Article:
Tuesday, January 11, 2011

Roughing It

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Does your teen need an attitude adjustment? Have you entertained the idea of shipping him or her off to one of those host families on CMT’s “Worlds Strictest Parents?” Maybe you are looking for a more practical solution, one where you don’t have to be selected to air your drama on national TV.

I have the perfect solution, and it doesn’t have to be expensive, either.


But not your regular summer session filled with cabins, pools and fun—something much more basic and centered around camping out and rustic living.

As teen-ager I had attended such a camp, the Episcopal Church-based camp in Canton, MS (Bratton Green) which has been offering adventures for teens for over 50 years.

What’s so great about Pioneer Camp besides the price (less than $500 covers the five-day teen vacation plus the required gear)? Both you and your teens will be glad they went.

Addy had her first go at Pioneer Camp this summer. Even though we are different in many, many ways—what I like to do for recreation, she usually doesn’t, and vice versa—I had no doubts that she would love Pioneer Camp. I was right.

Although I wanted to her to have fun, I also wanted her to gain from the experience. While at camp, you are required to be a functioning member of the team. You help with the chores, cooking and cleaning. Something else I wanted was for her to experience pushing her physical limits, which is accomplished by the activities done at camp such as going on long hikes, climbing steep rock walls, and going over the edge of a cliff (rappelling).

Having had the opportunity as a teenager, I knew the benefits. When facing challenging situations I could remember the time I climbed the wall or completed the 90-foot ropes course. I could tell myself, “If I can do that, I can do what I am facing at this moment.”

If you are the caregiver for a troubled teen, there are options for you as well, some more restrictive and demanding than others. Roughing-it programs might be a more palatable solution than appearing on reality TV. For more information, Google the subject. Find three to five options that work and then call to find out more details. Ask to speak to parents of previous campers to get more input.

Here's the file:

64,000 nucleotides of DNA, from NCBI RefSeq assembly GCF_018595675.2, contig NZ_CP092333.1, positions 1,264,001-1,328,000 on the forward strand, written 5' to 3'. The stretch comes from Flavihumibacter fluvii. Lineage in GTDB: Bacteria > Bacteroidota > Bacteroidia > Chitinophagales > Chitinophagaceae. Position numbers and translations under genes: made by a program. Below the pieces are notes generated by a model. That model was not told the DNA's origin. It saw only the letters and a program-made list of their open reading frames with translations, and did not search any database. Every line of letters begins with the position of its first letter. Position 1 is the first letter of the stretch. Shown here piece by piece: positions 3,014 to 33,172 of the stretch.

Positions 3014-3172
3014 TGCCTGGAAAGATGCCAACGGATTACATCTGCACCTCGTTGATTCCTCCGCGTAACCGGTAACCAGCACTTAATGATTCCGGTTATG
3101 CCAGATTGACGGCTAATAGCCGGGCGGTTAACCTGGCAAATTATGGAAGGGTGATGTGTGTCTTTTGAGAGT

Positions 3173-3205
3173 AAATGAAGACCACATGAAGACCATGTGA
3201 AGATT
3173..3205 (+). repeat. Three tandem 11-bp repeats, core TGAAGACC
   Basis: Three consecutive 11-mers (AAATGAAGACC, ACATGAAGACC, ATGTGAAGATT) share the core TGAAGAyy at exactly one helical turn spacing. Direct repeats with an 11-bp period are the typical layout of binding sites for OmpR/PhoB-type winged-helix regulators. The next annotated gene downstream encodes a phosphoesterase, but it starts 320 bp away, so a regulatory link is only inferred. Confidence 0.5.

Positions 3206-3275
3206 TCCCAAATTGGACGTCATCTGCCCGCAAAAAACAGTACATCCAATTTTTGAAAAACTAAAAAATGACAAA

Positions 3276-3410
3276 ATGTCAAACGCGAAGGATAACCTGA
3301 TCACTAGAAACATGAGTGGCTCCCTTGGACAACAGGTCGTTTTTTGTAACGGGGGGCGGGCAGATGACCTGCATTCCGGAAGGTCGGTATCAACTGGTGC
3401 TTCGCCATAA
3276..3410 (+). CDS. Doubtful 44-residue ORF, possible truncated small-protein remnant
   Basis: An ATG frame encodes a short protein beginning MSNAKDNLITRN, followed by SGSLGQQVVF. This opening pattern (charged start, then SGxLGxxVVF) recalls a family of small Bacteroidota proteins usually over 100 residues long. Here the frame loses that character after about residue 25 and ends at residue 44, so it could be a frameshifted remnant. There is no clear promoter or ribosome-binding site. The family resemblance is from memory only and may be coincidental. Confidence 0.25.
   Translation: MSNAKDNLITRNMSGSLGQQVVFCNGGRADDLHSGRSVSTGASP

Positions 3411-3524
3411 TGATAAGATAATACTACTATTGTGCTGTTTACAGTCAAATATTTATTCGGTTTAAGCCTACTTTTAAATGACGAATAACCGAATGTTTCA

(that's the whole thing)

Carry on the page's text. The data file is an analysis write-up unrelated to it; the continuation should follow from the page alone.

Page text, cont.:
I found a mix of offerings for severe situations—those who are court ordered, for example. Boot camp is another type of program for troubled teens, and typically has a military training component or disciplinary system in place.

There were also options for teens with mild to moderate issues and included trained therapists. One such place OutBack Treatment in Utah explains, “Outback, the wilderness treatment program, works with students, struggling teens or troubled teens, 13 to 17 years of age with a range of emotional and behavioral issues that may include Oppositional Defiance, Attention Deficit, Learning Differences, Low Self Esteem, Depression, Substance Abuse and Family Conflict.” They do not accept teens who are gang members, sex offenders or suicidal.

There are also plenty of options for those of you who don’t need help with a troubled teenager. Wilderness Adventures is one. The goal of Wilderness Adventures is “instilling self-confidence, self-reliance and lasting group leadership skills; and ... teaching responsible use of wild lands and concern for the continual preservation of these areas for future generations.”

Because of my own experience, I have always been a proponent of adventure camps for teens. Now that my daughter has also benefited, I want to share this good message with you.

Allyn Evans
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